Comet Storm is a far more efficient version of the X-spells you had opted to include, for it can remove problematic threats or multiple problematic players.
Unto finality, Genesis Wave can plop out most of your deck upon the table, and it is difficult to lose from there.
Thus is the end of my babbling. Pardon the overlong comment, but I do hope it was of some aid.
I do have my own list, as forementioned, built around the lovely Hazezon Tamar. If you would so deign to peer upon its glory, that would be splendid.
Fare thee well.
2 months ago
Aight, my thoughts: first, I think EDH games don't actually go all that long. 8-10 turns is probably a good estimate of game length -- but that's 8-10 per player.
So, if you resolve Phyrexian Arena t3, you can expect to draw 5-7 cards over the course of the game, and it doesn't do anything immediately. Compare to Tymna or Tuvasa the Sunlit as ways to draw one extra(or more with Tymna, or if you have instant speed enchantments in Tuvasa) card each turn in the command zone. Both of them can do something immediately, so they're better lategame, and they also don't take up a draw: they're always in your command zone.
Thus, I wouldn't consider Arena. It's too slow for a draw engine in the 99. IMO, draw engines in the 99 gotta be pretty good, like Notion Thief or Ad Nauseam. Lots of cards now is better than twice as many in as many turns.
Court is interesting, and guarantees a draw -- 4 mana cantrip, which is bad -- and is incredibly likely to give you a 1/1 with flying. So 4 mana to get a 1/1 and a card as its floor. Not great.
But I don't think we should be comparing it to Arena, or using it as a draw engine. It's a way to bring Monarch to the table, and it also makes it so you're one of the best equipped to maintain Monarch status. It brings another angle to the table.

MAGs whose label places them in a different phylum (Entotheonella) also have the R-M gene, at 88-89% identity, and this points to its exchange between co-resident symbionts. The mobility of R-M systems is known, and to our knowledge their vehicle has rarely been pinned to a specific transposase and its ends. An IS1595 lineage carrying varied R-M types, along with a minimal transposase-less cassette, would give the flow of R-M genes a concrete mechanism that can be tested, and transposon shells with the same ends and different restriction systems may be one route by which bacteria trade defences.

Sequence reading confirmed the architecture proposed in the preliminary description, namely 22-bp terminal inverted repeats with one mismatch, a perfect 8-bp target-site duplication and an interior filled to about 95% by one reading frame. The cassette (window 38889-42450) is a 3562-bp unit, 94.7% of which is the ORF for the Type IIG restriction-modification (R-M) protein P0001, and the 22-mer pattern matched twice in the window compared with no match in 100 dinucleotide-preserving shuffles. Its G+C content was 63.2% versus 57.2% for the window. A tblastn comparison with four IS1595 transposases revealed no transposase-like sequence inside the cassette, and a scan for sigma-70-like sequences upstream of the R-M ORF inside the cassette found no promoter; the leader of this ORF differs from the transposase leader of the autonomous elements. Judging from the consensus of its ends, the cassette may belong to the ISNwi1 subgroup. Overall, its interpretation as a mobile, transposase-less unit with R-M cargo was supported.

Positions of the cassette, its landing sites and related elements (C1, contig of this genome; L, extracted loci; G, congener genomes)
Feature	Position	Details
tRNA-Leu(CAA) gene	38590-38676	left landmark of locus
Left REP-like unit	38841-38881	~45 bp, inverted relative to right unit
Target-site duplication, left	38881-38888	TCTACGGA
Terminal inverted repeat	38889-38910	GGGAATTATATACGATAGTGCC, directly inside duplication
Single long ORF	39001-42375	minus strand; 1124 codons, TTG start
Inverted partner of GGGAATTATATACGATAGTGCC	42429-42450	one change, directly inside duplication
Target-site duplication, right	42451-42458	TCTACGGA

I'm a big fan of cards that, while not strategically correct, are correct to run for the purpose of fun games. Rootweaver Druid is a 3-mana Rampant Growth, in overall effect, but it guarantees that no player is mana or color screwed. Court of Grace, on the other hand, doesn't do nothing and also brings a fun, combat-centric political aspect to the table. That's the reason to run it. It sucks compared to Arena, which is already bad card draw, but it's amazing when considering the fun it could bring at the right tables.
2 months ago
Solid list! I built a similar elf-tribal deck back when I started playing commander, and there are definitely new crazy pieces ( Allosaurus Shepherd is crazy good...and expensive). Looking at Commander Legends, the only elf card I thought might be usable is Rootweaver Druid as Gilanra, Caller of Wirewood is more big creature casts based, and Numa, Joraga Chieftain is mainly +1/+1 counters based. The only other mono-green elf that's new in the set is Fin-Clade Fugitives which is, in my opinion, not a great card. Outside the perviously listed cards Horizon Stone might be okay for the deck in case you get a ton of mana but don't yet have a clear finisher. I'm probably gonna rebuild this deck sometime soon, I cannibalized it to build a Chulane deck, but after some of the Commander Legends reprints I saw while opening packs, I got nostalgic about rebuilding it. Guess I'm gonna have to proxy the Shepherd till he gets reprinted or something. :/
3 months ago
Lotus seems like a huge upgrade, however at the same time Opposition Agent adds another very potent hoser to the format. Maybe Dawnglade Regent has a tiny chance of earning a slot. Getting Rootweaver Druid before untapping might be sweet, but at sorcery speed the card is so incredibly bad. Also opponents can just all refuse the effect, so probably it's completely unplayable. Kodama of the East Tree and Magus of the Order seem useful, but rather slow.